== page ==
We affirm that portion of the court of appeals' decision which holds that the jury should have been specifically instructed as to the definition of "defective." We reject that portion of the court of appeals' opinion which takes into consideration the use of the terms "defective" and "defect" throughout the trial. The test is whether the instructions, as a whole, correctly and adequately set forth the applicable law, not whether the jury could glean the term's meaning from its use during the course of the trial. Cf. Pueblo Bank and Trust Co. v. McMartin, 31 Colo.App. 546, 549, 506 P.2d 759, 761 (1972), appeal after remand 528 P.2d 953 (1974); Murrow v. Whiteley, 125 Colo. 392, 401, 244 P.2d 657, 662 (1952).

Although the law set forth in the instructions was correct, the jury was not adequately informed of the correct standard with which to determine the existence of "defectiveness," which resulted in substantial and prejudicial error. See Lee v. Great Empire Broadcasting, Inc., 794 P.2d 1032 (Colo.App.1989) (trial court's rejection of instruction requiring jury to determine nature of employment relationship constituted prejudicial error as it left jury without any standards against which to judge employer's defense). Therefore, on remand the trial court should instruct the jury that a "defect" refers to any aspect, not necessarily a flaw, in the product's design which causes the product to be unreasonably dangerous.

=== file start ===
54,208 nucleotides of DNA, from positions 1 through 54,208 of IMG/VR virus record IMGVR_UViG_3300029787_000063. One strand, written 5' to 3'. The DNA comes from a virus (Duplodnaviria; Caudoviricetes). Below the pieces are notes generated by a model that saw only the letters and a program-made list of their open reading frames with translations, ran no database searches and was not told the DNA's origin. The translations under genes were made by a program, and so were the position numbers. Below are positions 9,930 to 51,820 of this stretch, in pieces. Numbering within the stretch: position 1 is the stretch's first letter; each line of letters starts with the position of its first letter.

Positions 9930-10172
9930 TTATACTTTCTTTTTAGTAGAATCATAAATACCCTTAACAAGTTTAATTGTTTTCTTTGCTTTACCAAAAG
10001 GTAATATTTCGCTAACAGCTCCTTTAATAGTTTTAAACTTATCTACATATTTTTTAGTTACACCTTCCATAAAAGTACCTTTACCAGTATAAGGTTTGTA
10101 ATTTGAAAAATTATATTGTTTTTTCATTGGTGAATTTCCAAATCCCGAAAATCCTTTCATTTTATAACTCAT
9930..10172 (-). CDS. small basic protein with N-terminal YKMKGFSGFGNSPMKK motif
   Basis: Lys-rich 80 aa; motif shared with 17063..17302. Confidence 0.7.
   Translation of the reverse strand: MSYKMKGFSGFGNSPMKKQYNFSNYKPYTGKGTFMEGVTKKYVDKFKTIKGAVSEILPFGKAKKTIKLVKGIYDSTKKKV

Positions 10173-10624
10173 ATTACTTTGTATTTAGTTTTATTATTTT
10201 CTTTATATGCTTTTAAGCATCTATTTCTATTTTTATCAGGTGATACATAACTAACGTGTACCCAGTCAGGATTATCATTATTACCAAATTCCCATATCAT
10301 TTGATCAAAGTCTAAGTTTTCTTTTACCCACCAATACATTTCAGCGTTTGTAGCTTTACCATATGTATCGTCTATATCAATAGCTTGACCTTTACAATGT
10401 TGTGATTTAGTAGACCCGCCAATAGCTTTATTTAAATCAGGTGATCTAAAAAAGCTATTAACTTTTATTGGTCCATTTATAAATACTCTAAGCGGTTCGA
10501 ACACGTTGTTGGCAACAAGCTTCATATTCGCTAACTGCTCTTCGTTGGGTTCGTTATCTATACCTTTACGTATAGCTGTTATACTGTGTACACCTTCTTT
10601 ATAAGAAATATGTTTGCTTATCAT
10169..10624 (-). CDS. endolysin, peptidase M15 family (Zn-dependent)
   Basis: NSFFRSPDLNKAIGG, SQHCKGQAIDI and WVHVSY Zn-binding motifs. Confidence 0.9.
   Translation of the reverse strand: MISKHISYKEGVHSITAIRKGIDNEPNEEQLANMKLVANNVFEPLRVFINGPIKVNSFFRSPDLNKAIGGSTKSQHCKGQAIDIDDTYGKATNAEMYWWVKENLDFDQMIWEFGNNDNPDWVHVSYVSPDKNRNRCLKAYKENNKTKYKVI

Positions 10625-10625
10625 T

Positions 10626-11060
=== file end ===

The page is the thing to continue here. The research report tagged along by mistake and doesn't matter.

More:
V.

Finally, we consider whether the trial court erred in giving the jury the following instruction on the defense of misuse: